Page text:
What happens to the man that provides the turning point in the story?

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William Delaney eNotes educator| Certified Educator

The turning point in the story comes when the unnamed protagonist breaks through the ice and gets soaked up to his knees. He has to build a fire to dry out and keep from having his feet and lower legs permanently injured by the ice. Up to this point he has felt confident, even though he had been warned not to travel alone when the temperature was lower than fifty degrees below zero. (He estimates that the actual temperature must be at least seventy below zero.) He feels some contempt for the old-timers and thinks of them as being "rather womanish." He gets his fire burning--but he has made the serious mistake of building it under a snow-laden spruce tree.

No wind had blown for weeks, and each bough was fully freighted. Each time he had pulled a twig he had communicated a slight agitation to the tree—an imperceptible agitation, so far as he was concerned, but an agitation sufficient to bring about the disaster. High up in the tree one bough capsized its load of snow. This fell on the boughs beneath, capsizing them. This process continued, spreading out and involving the whole tree. It grew like an avalanche, and it descended without warning upon the man and the fire, and the fire was blotted out! Where it had burned was a mantle of fresh and disordered snow.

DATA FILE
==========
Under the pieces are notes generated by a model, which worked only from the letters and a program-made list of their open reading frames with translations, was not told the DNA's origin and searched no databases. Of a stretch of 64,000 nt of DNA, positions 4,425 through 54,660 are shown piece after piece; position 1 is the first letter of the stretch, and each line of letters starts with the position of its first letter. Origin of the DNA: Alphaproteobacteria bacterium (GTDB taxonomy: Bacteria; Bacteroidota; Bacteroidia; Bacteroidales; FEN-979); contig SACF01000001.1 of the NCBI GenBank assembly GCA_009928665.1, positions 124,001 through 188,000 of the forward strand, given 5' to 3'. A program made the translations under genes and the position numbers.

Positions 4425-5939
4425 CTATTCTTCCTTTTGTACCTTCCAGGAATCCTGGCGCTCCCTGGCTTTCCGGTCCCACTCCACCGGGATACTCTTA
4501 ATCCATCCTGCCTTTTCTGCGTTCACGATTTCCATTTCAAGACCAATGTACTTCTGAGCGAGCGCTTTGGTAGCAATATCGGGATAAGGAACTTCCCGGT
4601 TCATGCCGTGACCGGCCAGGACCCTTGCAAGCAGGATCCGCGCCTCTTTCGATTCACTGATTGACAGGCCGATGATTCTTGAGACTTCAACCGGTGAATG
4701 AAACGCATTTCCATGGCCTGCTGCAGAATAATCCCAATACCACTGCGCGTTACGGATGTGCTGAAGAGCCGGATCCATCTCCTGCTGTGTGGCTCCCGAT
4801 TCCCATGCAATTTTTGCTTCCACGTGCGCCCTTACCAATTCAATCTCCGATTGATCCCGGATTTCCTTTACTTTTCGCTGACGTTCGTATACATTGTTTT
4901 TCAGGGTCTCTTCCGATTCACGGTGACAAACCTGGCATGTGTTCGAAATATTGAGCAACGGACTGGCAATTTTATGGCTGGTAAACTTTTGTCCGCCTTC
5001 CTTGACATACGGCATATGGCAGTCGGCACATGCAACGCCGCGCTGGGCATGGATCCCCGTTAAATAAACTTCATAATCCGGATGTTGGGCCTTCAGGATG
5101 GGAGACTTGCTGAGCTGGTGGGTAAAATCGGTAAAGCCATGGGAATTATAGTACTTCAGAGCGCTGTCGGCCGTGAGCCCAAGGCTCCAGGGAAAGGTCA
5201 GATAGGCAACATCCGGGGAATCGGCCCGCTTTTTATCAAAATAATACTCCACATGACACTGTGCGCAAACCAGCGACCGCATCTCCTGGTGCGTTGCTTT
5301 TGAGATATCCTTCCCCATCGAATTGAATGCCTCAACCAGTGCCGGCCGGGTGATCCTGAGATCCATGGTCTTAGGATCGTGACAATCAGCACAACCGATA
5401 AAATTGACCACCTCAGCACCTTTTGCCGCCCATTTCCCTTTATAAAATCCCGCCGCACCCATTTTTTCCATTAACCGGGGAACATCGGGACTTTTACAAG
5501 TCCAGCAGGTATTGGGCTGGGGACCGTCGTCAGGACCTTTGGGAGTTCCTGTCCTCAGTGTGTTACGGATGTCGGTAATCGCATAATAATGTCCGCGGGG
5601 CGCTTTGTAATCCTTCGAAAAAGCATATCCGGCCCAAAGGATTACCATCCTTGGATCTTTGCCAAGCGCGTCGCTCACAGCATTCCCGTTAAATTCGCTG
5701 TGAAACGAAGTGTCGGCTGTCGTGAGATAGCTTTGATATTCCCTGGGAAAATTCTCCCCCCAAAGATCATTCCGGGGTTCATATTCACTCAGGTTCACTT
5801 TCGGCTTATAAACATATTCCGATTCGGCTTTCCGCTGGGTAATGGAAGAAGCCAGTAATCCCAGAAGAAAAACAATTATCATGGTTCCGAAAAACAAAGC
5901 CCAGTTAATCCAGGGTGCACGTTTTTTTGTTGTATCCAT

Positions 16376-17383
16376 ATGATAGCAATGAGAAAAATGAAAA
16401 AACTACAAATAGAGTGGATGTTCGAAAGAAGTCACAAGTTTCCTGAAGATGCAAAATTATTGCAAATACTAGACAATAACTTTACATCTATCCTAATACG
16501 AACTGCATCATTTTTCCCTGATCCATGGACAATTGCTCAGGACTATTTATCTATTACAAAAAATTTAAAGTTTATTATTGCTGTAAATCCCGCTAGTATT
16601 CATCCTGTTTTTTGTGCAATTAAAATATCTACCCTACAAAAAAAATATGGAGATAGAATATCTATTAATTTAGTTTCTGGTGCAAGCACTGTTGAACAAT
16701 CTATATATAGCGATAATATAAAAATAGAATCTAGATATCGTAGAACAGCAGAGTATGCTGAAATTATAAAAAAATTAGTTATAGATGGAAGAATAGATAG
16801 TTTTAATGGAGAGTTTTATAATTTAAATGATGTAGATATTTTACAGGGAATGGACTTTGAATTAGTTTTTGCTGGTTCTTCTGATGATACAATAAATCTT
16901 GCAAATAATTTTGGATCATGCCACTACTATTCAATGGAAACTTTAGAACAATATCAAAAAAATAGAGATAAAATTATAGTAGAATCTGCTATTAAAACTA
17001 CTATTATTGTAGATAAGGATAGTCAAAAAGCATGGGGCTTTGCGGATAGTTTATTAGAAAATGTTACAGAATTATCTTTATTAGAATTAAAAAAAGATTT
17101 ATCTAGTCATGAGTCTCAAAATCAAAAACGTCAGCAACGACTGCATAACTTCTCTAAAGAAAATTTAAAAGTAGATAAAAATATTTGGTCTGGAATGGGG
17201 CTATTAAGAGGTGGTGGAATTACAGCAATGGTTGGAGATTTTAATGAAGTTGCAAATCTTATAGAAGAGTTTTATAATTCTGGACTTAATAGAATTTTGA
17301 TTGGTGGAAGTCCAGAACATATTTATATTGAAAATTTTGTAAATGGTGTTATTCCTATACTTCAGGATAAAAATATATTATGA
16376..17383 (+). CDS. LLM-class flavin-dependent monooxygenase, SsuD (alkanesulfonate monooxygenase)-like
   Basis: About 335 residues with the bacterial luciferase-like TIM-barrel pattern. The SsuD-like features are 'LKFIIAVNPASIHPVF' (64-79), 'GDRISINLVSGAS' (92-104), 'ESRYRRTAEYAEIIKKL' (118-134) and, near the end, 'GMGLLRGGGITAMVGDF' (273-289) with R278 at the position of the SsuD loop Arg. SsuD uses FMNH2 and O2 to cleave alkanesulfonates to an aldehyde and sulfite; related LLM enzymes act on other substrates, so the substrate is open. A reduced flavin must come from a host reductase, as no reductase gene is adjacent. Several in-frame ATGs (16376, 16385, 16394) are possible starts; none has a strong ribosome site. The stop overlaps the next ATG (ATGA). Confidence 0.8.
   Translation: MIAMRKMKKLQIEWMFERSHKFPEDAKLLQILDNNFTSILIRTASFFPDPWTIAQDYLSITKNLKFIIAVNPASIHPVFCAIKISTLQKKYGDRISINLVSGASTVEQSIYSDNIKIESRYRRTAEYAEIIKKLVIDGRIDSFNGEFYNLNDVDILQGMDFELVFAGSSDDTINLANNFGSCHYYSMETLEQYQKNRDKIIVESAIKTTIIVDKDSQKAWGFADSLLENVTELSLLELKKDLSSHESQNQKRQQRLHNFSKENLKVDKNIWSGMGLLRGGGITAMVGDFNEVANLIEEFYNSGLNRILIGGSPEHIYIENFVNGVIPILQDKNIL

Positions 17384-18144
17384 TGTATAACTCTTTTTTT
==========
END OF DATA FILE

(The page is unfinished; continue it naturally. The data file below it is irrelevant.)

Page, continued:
The man was shocked. It was as though he had just heard his own sentence of death.

After this disaster the man begins to lose his self-confidence. The reader is held closely in the protagonist's point of view and feels the protagonist's growing panic as the situation becomes increasingly desperate. The man has to build another fire, but he is losing control of his fingers. Things go from bad to worse. Since he cannot use his fingers to light a single match, he takes the gamble of scooping all his wooden matches together. 

Then he scratched the bunch along his leg. It flared into flame, seventy sulphur matches at once! There was no wind to blow them out. He kept his head to one side to escape the strangling fumes, and held the blazing bunch to the birch-bark. As he so held it, he became aware of sensation in his hand. His flesh was burning. He could smell it.

He is so clumsy with his frozen fingers that he puts his fire out while trying to remove a large piece of green moss which had been suffocating the feeble flames. He becomes increasingly desperate. He makes an unsuccessful attempt to kill his dog so that he can bury his frozen hands in the warm body and get some life back into his fingers. But although he manages to get his arms around the dog, he has no way of killing it, and the dog escapes. Then the man tries running, in the hope of restoring some circulation to his limbs. The running is helpful, but he can't run far enough. The camp he had been planning to reach before dark is too far away. He doesn't have the endurance. Several times he falls down and gets up again, driven on by the fear of death. Finally he gives up the struggle to survive and allows himself to drowse off. He finds that this form of death is not painful.

Then the man drowsed off into what seemed to him the most comfortable and satisfying sleep he had ever known. 

The silent setting has seemed totally indifferent to the man's plight. The cold is killing him dispassionately. The spruce tree dumped its load of snow just because the branches were overladen. The man's dog stays with him for a short while after he is dead, but then it abandons his body and proceeds along the trail to the camp where it knows it can find other "food-providers" and "fire-providers." 

Read the study guide:
To Build a Fire

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